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Inside the Home of an Instagram-Famous Plant Stylist

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Welcome to Make Yourself at Home, a collection of home tours as told through the items within them. Up this week, in the second of four installments we’re running in honor of Renovation Month, Hilton welcomes us into his plant-filled apartment in Baltimore.

In 2008, on a trip to Paris, Hilton Carter saw a painting in the Louvre that would alter the course of his life. It was called “Ophelia” by John Everett Millais, and it depicted a woman floating lifelessly in a body of water, surrounded by plants and flowers rendered in, as the Tate Museum put it, “painstaking botanical detail.” When he saw it, he was awestruck. I’m done, he thought, I don’t know what happened but I came to see this painting.

A student of art and film, he decided right away to make a movie about it. His homage, Moth, came out in 2010, and it all takes place in the apartment of his protagonist, a version of Ophelia. As he designed the set, taking special care with the details just as Millais once did, something sparked: “I understood that in filmmaking, the spaces your main characters are in have to be a character themselves,” he explains.

From there, Hilton fell in love with production design, becoming especially attuned to the energy and character of the spaces he worked in. And then, in 2011, his new passion collided with a second: While working a freelance gig in Glenn Mills, Pennsylvania, he went to lunch at a plant nursery and cafe called Terrain. As he sat in the greenhouse, nestled among dark leafy plants and twirling vines, he thought, I have never sat in a space that felt this comfortable. That’s when it hit him: There was no reason he couldn’t recreate this feeling by his own design, in his own home.

Today, Hilton is an interior and plant stylist by trade. When he worked in film, he never imagined he could do this kind of work full-time, but when he moved in with his girlfriend in 2016, everything changed in a matter of months.

It started when she suggested he catalogue the process of decorating their new home on Instagram. By then, he’d been taking care of around 70 or so plants, and she thought people might be interested in seeing what he could do with a space. Doubtful but eager to nurture his hobby, Hilton agreed (even to the “embarrassing” hashtags). In November of that year, West Elm reposted one of his photos, which became so popular they requested an interview, which in turn earned him the attention of several other brands, sites, and people curious about his unique approach to plant styling. As the attention increased, he picked up professional styling work, eventually quitting his job and diving into leafy greens full-time.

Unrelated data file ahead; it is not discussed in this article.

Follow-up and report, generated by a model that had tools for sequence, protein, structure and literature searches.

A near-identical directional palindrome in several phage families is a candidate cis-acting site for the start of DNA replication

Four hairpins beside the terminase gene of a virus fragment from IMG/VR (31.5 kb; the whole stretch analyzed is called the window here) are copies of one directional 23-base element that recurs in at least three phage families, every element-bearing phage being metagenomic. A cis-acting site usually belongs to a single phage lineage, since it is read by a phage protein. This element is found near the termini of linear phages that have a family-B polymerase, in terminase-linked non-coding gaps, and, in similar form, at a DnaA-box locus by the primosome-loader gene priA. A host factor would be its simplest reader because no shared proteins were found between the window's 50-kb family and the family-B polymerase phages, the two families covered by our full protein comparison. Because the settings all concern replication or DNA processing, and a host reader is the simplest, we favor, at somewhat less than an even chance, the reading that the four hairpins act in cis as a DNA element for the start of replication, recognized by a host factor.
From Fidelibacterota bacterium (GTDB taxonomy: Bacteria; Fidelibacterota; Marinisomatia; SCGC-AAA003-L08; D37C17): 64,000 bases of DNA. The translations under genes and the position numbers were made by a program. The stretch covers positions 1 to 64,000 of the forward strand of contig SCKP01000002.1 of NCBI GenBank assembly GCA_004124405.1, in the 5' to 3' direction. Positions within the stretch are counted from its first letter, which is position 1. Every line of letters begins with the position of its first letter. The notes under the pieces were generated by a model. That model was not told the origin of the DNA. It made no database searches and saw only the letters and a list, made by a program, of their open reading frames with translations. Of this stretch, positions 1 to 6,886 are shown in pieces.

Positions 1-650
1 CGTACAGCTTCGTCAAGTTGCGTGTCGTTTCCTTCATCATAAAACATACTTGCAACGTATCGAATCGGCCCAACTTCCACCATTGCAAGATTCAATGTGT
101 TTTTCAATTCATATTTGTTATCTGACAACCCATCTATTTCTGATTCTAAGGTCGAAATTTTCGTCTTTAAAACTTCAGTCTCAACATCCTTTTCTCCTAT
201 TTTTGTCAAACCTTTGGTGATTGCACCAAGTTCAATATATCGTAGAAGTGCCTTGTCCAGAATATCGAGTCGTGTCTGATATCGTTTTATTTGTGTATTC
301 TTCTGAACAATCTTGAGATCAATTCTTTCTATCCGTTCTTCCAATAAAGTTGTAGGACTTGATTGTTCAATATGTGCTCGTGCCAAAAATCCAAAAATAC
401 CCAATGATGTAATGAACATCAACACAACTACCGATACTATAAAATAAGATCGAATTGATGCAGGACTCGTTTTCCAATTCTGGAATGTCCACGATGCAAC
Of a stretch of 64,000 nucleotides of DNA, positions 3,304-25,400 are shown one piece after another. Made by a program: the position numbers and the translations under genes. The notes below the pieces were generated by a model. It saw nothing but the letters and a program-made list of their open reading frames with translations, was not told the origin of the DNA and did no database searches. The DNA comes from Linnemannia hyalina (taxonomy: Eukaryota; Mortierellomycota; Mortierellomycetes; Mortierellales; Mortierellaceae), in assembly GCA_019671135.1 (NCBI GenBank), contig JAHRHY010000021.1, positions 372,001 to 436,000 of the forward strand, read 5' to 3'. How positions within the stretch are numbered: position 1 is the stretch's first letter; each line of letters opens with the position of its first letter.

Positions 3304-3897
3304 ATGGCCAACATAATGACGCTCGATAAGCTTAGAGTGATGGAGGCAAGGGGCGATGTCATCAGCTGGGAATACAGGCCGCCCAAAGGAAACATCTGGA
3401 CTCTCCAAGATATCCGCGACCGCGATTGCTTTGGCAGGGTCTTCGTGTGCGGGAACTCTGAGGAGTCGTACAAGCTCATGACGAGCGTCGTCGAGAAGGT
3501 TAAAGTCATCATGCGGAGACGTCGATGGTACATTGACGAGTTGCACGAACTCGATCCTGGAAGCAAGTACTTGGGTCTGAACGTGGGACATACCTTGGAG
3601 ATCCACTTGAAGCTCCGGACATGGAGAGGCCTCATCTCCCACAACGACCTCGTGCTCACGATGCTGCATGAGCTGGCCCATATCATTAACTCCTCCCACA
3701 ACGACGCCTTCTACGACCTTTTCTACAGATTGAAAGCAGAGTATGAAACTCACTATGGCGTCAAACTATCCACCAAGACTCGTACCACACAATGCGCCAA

Hilton spends around five hours a week caring for his 300 plants—both in his rented apartment and the studio space his landlord lets him style and host events in for free (apparently it’s such good PR for them, it pays for itself). His Instagram, which now boasts about a quarter million followers, is what the internet might call plant porn. In March of this year, Hilton’s first book on plant styling came out, Wild at Home, and he’s currently working on his second, Living Blooms, which has him traveling all over the world. I caught up with him between trips to hear about some of the most beloved items in his (most beloved) space.

#1 The Paint on the Dining Room Wall

When my wife and I went to Paris in early 2016, we went to a lot of old cathedrals, and I really loved the texture of these old cathedral walls. I knew I wanted to bring that into our space, so I decided to paint the wall separating our dining and living rooms. This was actually the first thing we did in the apartment—the building allowed me to come in a week before we moved in to do it. They were like, “You can paint whatever you want, but when you leave, you’re going to have to paint it back.”

The process was literally to do what felt right. I would just place a little bit of color on the wall—let’s say it’s a copper orange color—and let it dry for about two minutes before wiping it away. Then I’d sand it down and add a gray color. Then I’d take a rag and dip that into the water that I was cleaning brushes off with and almost polish the wall with this wet rag to give it this worn patina look.

When I was in art school, I used to start all of my drawings or paintings on surfaces like this. I would use old coffee grinds and work that into drawing paper, and then draw on top of that. It was just mixed media, just trying to figure things out. Undergrad stuff. I think that kind of prepared me to understand what I wanted.

When I was done, the building people saw it and were like, “Is it possible, when you actually do move out, that you just leave that up?”

#2 The Mini-Motorcycle in the Living Room

Apparently, back in the early 70s, Harley didn’t have enough money, so they partnered up with a bowling alley chain called AMC and made these mini Harleys. And in 1977—now this is all speculation, but I’ll just tell the story as he told me—my dad worked all summer to purchase one. When he got it, he rode it all over town, and that’s how he met my mom. And then in 1979, when he found out she was pregnant, he never rode the bike again. My mom and my dad split a year into being married, but I remember going to his house and seeing the bike as a kid. I was always like, “What’s up with this bike? Why can’t I ride it!?”—because it was perfectly my size. But he never let me. It wasn’t until I was 35 years old that he finally said, “I think it’s time for you to have it.” And I was like, “Who are you!? I am 6’5”!”